Getting a Testimonium at the Vatican is Fun (but not easy)

When a person arrives in Santiago de Compostela there’s not much confusion about how to get the “Compostela,” the completion certificate issued by the Cathedral Office. Pilgrims go to the special building near the cathedral, stand in line, present their credential, are asked a few questions, and then are issued their certificate. Presto!

At the Vatican, it’s not quite so easy.

When we four pilgrims arrived at St. Peter’s Square our first question was, “where do we get our Testimonium?” We asked various police officers, who told us to stand in line at the metal detectors and then go inside to the Sacristy for our certificates. So, we dutifully stood in a line of several hundred people, inquired as to where the Sacristy is (it’s off the West Transept of the basilica). When we arrived in this ornate room, complete with a beautiful, stone dome of its own, we met a man behind a desk who asked for our credentials and then stamped them with the Vatican’s “tinbro” (stamp). When we asked about our Testimonia, he at first didn’t know what we were talking about, then told us the Testimonium office is only open 9-Noon. Since it was after 4:00 we let it go to the next day.

Our little group divided in two, with Jacqueline and I heading to shopping and Andreas and Sebastian wanting to get to their rooms for a shower and comfy rest. As Jacqueline and I walked, we asked a few folks who looked like they knew what they were doing about how we would get our Testimonia. They directed us to the pilgrim desk at the Tourist  Office just off St. Peter’s Square. Sure enough, when we arrived there the kind woman seemed to know what we were talking about. She copied our credentials and promised she would mail us our Testimonia.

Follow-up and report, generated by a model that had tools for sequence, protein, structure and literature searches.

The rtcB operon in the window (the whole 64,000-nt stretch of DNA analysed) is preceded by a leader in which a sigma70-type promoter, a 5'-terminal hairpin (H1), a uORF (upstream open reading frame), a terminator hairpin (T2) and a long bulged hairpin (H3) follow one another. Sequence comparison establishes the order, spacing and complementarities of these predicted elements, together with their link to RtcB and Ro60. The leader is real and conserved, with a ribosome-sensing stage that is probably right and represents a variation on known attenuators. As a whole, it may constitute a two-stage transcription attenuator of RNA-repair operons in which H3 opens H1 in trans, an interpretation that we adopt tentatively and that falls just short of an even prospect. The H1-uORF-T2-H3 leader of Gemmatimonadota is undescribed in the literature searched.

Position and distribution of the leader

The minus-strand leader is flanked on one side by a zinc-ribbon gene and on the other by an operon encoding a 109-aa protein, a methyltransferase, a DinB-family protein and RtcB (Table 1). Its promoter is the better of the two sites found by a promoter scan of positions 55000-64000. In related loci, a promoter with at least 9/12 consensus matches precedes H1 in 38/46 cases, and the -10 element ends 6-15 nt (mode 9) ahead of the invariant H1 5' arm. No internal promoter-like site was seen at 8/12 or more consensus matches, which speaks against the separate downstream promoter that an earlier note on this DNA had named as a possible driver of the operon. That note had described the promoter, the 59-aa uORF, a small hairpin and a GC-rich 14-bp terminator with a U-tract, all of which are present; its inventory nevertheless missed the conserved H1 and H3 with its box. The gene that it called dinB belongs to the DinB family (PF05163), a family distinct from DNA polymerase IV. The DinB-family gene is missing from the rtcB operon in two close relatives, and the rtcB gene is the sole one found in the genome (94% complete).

The next day, unbeknownst to Jacqueline and me, our colleagues went to the official pilgrim office inside the Vatican and secured their Testimonia! “Go around the metal detectors,” they said, “then go to the police station, then through the Swiss Guards, then to another police station, then through security, then walk down the road, turn left and then right and go into the building. They’ll give you your certificates right there.” IMG_2461

So the next day, Jacqueline and I did just that. After four security checks, including one with the guys in the flashy pantsuits, we arrived at the official pilgrim office. We were asked to have a seat behind a desk and surrender our credentials. In a few moments the kind man returned with stamped Testimonia, tucked into an official Vatican envelope. On our way out we asked how many pilgrims come for their Testimonia each day. Only five to ten, we were told. No wonder no one seemed to know where to direct us.

In spite of the difficulty in finding our way to the right office, it was still fun to see “behind the scenes” at the Vatican during our little foray into this tiny city-state. It’s been a month and no sign of any duplicate Testimonia in the mail, so I’m glad we took the extra time and asked around a little more so we did finally get our certificates.

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We did it! Jacqueline and I succeed in securing our Testimonia, proof that we walked the walk! The Vatican office is just behind us.

Testimonium from the Vatican following our 2013 Cammino di San Francesco

Testimonium from the Vatican following our 2013 Cammino di San Francesco.

Short and Beautiful Walk Leads to Happy Reunion

May 20, 2013 — Arrone to Piediluco